“WE protected the shareholders,” cried one regulator.
“We were making clear the public’s anger,” called another.
“But what were you actually regulating?” asked the MP.
“Well, that isn’t our job,” came the inflammatory reply.
So it came to pass that yesterday the Treasury select committee (TSC) dug a little deeper into the roles of the Bank of England and the Financial Services Authority: apparently not to stop problems when they build up, nor to keep the system safe, but to force out bad bankers when it all gets too embarrassing.
The war of words escalated rapidly as the nature of regulators’ involvement in Bob Diamond’s resignation became clear.
“You handed the chairman of Barclays a revolver and told him to shoot the chief executive,” said TSC chair Andrew Tyrie.
“I told Marcus Agius what they had to think about as a board,” replied FSA boss Lord Turner in less dramatic language.
But Tyrie was not convinced, pushing Turner to concede that Agius “took the revolver and shot himself”.
“It was not what I was expecting, or the most sensible decision in the circumstances. But it was an honourable decision,” said Turner.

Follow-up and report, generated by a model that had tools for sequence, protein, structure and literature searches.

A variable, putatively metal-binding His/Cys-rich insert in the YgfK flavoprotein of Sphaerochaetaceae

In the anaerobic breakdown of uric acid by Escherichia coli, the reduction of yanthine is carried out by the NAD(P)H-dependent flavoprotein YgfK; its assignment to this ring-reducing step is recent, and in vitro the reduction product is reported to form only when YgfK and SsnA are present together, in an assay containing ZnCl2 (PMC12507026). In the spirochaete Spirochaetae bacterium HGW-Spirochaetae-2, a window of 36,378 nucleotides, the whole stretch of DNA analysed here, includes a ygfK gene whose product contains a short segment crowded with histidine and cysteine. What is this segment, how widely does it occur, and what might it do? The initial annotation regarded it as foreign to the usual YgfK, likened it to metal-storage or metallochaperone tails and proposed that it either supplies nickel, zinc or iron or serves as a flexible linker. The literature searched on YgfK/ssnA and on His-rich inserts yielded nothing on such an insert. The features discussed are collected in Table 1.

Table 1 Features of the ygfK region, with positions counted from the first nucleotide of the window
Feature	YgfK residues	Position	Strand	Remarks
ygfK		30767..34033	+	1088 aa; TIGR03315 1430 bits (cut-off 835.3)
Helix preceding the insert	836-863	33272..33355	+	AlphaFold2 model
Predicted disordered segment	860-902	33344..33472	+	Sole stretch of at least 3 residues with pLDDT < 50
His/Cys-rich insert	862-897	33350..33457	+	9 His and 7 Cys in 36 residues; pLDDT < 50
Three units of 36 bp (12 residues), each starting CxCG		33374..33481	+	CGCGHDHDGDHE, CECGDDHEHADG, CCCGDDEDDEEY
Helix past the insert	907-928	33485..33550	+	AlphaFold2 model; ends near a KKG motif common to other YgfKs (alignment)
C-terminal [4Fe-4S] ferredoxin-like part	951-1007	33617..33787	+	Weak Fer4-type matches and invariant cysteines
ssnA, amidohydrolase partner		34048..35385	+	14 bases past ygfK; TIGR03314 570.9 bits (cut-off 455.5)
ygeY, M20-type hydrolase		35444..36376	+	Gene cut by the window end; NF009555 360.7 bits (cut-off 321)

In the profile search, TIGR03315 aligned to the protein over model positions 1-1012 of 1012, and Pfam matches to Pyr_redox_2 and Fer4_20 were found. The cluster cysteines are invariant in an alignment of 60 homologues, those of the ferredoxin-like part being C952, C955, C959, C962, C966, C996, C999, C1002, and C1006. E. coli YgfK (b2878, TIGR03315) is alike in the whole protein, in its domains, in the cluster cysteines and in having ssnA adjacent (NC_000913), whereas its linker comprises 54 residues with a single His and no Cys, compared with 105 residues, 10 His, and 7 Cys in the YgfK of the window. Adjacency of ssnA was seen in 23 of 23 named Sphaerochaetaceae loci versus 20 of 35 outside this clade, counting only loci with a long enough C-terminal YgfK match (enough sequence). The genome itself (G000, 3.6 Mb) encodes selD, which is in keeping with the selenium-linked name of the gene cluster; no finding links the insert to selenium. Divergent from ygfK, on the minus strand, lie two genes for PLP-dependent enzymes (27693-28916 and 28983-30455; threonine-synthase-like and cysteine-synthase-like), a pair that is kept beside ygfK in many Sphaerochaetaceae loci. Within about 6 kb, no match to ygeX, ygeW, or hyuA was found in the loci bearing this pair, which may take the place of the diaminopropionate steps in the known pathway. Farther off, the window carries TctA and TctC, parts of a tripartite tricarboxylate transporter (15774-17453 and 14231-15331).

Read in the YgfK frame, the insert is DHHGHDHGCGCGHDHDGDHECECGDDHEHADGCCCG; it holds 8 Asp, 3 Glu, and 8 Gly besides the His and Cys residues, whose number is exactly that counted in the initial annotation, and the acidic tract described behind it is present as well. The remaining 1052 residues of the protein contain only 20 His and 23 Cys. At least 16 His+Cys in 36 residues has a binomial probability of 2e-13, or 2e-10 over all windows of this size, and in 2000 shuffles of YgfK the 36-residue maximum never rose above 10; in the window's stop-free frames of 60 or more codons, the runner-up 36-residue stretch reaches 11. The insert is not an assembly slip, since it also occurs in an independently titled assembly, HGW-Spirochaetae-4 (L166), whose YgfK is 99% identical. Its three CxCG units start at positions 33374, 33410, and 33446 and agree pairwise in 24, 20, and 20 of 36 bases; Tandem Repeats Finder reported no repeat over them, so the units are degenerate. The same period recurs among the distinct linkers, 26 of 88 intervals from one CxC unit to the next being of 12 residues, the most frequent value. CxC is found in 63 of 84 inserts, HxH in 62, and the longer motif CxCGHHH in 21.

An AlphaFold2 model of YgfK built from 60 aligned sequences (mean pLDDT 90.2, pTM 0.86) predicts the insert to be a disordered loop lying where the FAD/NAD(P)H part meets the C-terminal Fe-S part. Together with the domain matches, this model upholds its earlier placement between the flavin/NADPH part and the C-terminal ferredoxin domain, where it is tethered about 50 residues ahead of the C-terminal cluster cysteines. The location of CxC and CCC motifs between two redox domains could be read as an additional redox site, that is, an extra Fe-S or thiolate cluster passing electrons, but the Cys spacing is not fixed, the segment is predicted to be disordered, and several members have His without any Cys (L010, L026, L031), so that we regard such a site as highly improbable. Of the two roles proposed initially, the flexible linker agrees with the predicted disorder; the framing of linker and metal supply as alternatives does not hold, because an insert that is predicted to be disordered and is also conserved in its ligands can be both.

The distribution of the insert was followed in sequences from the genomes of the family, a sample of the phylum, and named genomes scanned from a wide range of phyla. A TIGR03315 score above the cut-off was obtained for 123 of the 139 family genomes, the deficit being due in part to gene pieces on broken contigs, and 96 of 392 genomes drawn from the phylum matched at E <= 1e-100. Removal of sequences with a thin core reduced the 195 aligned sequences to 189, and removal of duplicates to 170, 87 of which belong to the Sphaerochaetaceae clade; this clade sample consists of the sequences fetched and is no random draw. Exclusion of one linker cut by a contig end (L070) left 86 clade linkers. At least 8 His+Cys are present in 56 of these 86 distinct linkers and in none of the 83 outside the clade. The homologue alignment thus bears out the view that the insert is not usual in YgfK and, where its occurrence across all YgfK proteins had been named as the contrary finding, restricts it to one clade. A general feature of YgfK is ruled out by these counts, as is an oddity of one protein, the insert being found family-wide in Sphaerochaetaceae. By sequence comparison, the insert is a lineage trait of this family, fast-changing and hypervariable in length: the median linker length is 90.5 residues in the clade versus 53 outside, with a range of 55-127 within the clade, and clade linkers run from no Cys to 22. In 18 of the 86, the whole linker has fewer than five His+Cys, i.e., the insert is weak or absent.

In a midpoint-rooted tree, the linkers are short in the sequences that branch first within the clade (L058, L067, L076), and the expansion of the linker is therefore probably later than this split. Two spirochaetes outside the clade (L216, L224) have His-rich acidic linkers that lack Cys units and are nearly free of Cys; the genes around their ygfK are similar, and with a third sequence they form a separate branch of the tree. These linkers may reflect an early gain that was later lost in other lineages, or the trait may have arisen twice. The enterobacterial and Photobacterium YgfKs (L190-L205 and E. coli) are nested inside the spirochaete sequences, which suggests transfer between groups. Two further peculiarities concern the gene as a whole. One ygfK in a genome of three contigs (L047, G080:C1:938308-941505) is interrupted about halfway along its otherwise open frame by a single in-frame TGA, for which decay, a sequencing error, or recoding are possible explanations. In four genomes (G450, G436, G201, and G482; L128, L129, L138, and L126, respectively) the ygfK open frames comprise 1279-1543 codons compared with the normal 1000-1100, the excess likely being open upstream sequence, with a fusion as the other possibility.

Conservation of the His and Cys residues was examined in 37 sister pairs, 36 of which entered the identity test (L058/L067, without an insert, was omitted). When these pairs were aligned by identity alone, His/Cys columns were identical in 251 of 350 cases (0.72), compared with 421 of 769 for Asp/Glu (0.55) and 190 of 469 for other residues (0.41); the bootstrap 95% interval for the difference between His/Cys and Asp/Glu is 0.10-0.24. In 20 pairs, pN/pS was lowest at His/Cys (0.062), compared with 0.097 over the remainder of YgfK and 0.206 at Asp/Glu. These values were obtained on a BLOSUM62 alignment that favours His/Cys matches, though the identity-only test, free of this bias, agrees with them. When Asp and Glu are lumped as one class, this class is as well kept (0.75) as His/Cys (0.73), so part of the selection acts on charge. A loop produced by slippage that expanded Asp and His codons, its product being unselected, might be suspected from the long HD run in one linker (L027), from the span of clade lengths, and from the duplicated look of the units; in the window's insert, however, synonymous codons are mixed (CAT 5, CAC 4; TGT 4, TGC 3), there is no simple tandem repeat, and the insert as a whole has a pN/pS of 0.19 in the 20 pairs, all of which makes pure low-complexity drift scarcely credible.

Tyrie’s violent choice of words showed his disgust that the FSA and Bank of England could tip CEOs out of a job so easily, but King’s response implied it was nothing he wouldn’t do again – insisting he had spoken to a legal adviser and acted for both shareholders and stability.
The governor then tried to argue that it was also his duty to explain to the Barclays board that they had lost the confidence of regulators – while simultaneously pushing the point that the Bank of England was not a regulator and so should not have investigated Libor in the first place.
With that clarified, King also rallied against Tyrie’s choice of metaphor: “I don’t like these firearm analogies, and they are false,” he told the angry MP.
Unsurprising, perhaps, from a man better known for his seafaring references.